: I would recommend bringing one universal adapter, preferably with multiple usb outlets in it. Outlets are hard to find and while some are universal, not all are. Some places charge you to use an outlet so being able to plug multiple devices into a single outlet saves you money. With my adapter I could charge my back up battery, phone, and camera all at once from one outlet. PHOTO AND VIDEO
: If you are a casual photographer just looking for some nice photos to show friends and family, I would recommend investing in a flagship smartphone or a Gopro rather than carrying the weight of even a small interchangeable lens camera. You just don't need all that extra weight unless you want significant zoom or professional quality large prints. The Go-pro is super light, takes decent 4k video, has image stabilization built in (much better video quality), is waterproof, and is tiny. Bring multiple batteries if you plan on a lot of videos. Also bring one SD card per day to reduce the risk of losing data.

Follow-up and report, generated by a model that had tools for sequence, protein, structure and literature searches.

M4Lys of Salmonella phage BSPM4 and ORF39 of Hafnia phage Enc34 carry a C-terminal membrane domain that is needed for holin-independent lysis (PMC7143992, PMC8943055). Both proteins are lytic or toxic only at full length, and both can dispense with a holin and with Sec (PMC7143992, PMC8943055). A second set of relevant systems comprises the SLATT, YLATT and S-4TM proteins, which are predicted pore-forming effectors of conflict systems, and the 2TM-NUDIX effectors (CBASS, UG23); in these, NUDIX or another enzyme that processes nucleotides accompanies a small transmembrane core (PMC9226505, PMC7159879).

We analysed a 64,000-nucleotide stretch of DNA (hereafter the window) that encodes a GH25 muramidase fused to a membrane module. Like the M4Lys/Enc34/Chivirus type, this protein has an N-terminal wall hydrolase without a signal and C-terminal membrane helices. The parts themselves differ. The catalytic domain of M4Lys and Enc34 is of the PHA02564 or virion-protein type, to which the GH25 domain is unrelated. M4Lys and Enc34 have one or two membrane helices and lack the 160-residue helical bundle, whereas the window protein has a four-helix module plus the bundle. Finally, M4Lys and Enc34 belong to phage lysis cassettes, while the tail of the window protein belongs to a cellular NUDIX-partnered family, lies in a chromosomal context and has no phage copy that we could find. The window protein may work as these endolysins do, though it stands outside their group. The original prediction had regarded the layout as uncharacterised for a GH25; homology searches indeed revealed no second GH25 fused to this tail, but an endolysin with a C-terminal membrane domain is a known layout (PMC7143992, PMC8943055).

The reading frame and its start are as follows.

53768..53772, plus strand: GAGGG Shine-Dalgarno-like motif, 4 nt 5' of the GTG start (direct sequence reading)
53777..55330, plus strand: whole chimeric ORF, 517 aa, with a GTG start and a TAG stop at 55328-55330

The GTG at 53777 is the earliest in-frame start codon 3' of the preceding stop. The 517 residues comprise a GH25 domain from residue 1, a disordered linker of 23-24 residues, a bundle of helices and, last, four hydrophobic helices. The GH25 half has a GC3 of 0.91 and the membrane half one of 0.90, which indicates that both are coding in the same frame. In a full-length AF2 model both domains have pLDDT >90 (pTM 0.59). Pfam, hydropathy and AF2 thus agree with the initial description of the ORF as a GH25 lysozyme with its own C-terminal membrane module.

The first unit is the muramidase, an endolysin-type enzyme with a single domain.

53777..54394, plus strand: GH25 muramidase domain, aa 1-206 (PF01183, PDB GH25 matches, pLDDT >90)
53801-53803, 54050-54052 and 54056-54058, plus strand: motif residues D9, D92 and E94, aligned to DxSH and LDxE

I consider myself an advanced hobbyist when it comes to photography. Currently I use a Sony a7r II. I only brought one lens, the versatile Sony 24-240mm FE f3.5-6.5. If you are really serious I'd recommend a wide angle as well (16-35mm f2.8). This would especially be nice during drier weather when you can actually see the night sky for stargazing. The mountains are so vast and towering that a wide angle is really the only way to properly capture them without doing a panorama. I chose not to bring a tripod. If you are carrying your own gear it's a lot of extra weight to carry.
NEXT TIME: I’d bring the same camera set up and add a wide angle lens and an ultralight fold-up tripod. I would bring four batteries and probably an SD card for every other day. It’s a lot of weight but the photos are so worth it. BACKUP POWER
: I used a generic large backup battery charger with two usb ports. It was rated for 20k mAh but I don’t think that was accurate. My 10k mAh Anker is lighter and holds a similar charge . Whenever there wasn't charging available, I'd plug into this and when there was charging available I'd make sure it stayed charged. Even so I bought 4 batteries for my camera. One alternative, if going when the sun's out, is to rely on solar energy for charging. MEMORY CARDS
: I brought 8 memory cards including 4 micro SD and 4 regular. If I had to do it over I’d bring more. I had one scare where the camera said it wasn't writing the files correctly and when I went to flip back through them, I got error messages. I switched cards at that time and more frequently afterward. Turns out nothing was wrong but if you are a serious photographer you want to minimize risk of loss. DRONES